• Sickle Cell Disease Special Considerations in Pediatrics Hannah Smith, MD Washington University in St. Louis School of Medicine 3
    • Objectives • Review pathophysiology of sickle cell disease – Hemoglobin structure and function • Recognize patient with sickle cell disease • Understand major complications of sickle cell disease and how to ameliorate or treat them 4
    • Disorders of Hemoglobin Structure and Production • Sickle hemoglobin syndromes – Sickle cell anemia (SS) – Hemoglobin S-hemoglobin C (SC) disease – Hemoglobin S-β-thalassemia • When hemoglobin S is <30% of the total hemoglobin sickling is unlikely 5
    • Hemoglobin Structure and Production • In the fetus: – Hemoglobin F (α2γ2) • After birth: – Hemoglobin A (α2β2) – The most common with a normal amount over 95% – Hemoglobin A2(α2δ2) – δ chain synthesis begins late in the third trimester and, in adults, it has a normal range of 1.5–3.5% – Hemoglobin F (α2γ2) – Typically very small proportion, but Hb F can be elevated in persons with sickle-cell disease and beta-thalassemia 6
    • Sickle Hemoglobin 7 OpenStax College (Wikimedia Commons)
    • Resistance to Malaria • Sickled hemoglobin (even in heterozygotes) gives resistance to Plasmodium falciparum • Prevalence of sickle cell trait estimated to be up to 40% where malaria is endemic 8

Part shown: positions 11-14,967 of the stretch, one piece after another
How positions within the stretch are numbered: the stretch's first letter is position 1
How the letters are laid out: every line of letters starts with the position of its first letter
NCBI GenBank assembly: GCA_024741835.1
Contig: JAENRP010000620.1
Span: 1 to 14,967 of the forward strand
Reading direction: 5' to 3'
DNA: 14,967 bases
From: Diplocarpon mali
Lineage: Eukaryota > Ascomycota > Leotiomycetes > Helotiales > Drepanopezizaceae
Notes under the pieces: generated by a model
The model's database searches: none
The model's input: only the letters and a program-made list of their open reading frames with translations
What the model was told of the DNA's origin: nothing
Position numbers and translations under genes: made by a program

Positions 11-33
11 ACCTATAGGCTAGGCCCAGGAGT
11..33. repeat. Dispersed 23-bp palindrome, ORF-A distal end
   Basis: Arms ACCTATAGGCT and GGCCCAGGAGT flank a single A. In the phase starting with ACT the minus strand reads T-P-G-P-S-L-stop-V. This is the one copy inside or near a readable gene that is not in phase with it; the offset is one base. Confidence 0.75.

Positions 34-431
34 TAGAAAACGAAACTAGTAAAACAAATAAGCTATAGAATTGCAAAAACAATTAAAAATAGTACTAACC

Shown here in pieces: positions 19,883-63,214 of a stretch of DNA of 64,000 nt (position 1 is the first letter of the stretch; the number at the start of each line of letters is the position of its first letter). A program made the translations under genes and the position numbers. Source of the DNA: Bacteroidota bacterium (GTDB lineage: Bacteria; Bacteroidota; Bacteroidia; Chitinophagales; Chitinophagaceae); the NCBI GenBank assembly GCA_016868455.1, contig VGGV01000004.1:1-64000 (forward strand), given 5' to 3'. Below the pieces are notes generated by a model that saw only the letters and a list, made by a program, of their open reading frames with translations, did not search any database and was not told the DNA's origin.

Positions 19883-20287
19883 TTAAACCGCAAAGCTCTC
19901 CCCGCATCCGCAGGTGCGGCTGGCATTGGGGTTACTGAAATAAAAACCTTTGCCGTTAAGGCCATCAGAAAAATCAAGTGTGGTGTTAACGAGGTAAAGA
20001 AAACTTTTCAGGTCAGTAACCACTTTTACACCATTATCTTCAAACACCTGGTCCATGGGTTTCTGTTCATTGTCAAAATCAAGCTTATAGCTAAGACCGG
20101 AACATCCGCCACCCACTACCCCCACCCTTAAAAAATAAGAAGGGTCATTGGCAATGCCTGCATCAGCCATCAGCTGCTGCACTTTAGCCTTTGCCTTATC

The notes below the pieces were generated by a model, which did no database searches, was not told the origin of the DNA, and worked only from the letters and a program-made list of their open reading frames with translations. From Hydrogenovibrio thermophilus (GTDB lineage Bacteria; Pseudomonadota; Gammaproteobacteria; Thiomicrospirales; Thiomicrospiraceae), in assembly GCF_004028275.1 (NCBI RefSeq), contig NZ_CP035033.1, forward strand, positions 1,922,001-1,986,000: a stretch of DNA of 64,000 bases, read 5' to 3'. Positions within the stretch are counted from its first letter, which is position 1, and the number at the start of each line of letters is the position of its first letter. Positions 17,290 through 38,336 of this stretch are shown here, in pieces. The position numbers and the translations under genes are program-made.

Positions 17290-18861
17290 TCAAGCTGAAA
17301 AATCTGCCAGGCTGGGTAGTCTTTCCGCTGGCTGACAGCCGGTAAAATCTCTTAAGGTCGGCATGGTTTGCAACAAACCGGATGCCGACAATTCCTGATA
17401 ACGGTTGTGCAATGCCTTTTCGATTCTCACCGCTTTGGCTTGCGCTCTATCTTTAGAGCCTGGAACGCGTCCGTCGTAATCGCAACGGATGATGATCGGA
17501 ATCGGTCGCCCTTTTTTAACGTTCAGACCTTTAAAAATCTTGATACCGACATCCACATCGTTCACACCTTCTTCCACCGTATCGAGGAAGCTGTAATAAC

• Hemoglobin Structure • Sickle cell hemoglobin differs from normal hemoglobin by a single amino acid – Valine replaces glutamate on the surface of the Beta chain • In sickled cells hemoglobin tetramers stick to each other, forming long fibers (polymers) instead of remaining independent • These polymers distort RBCs into abnormal sickle shape • Heterozygotes have a mixture of normal Hgb A and abnormal Hgb S – Hemoglobin A stops polymerization, preventing serious sickling • Red cell lysis occurs in homozygotes causing sickle cell ‘anemia’ 9
    • Hemoglobin Structure • Anemia is not present at birth but develops by 4 months of age as hemoglobin F is replaced by hemoglobin S • In the oxygenated state, hemoglobin S can function normally, but when it is deoxygenated, polymers more likely to form and lead to distorted cell shape • Sickle cells are destroyed and cause increased blood viscosity, obstructing flow in small vessels leading to crisis 10
    • Objectives • Review pathophysiology of sickle cell disease – Hemoglobin structure and function • Recognize patient with sickle cell disease • Understand major complications of sickle cell disease and how to ameliorate or treat them 11
    • Sickle Cell Diagnosis • Consider in children with: – Unexplained pain or swelling (especially of hands or feet) – Pneumonia – Meningitis – Sepsis – Neurologic abnormalities – Splenomegaly – Anemia 12
    • Sickle Cell Diagnosis • Hemoglobin level and reticulocyte count are inadequate screening tests • Peripheral smear may lack sickled cells • Hemoglobin electrophoresis definitive test – Takes several days to result 13
    • Objectives • Review pathophysiology of sickle cell disease – Hemoglobin structure and function • Recognize patient with sickle cell disease • Understand major complications of sickle cell disease and how to ameliorate or treat them 14
    • Major Complications • Infections – Particularly susceptible to encapsulated organisms • Haemophilus influenza type b (Hib) • Streptococcus pneumoniae (pneumococcus) • Neisseria meningitidis (meningococcus) • Group B streptococcus (GBS) • Klebsiella pneumonia • Salmonella typhi • Sickle cell crises – Vasoocclusive – Sequestration or Aplastic – Chronic organ damage 15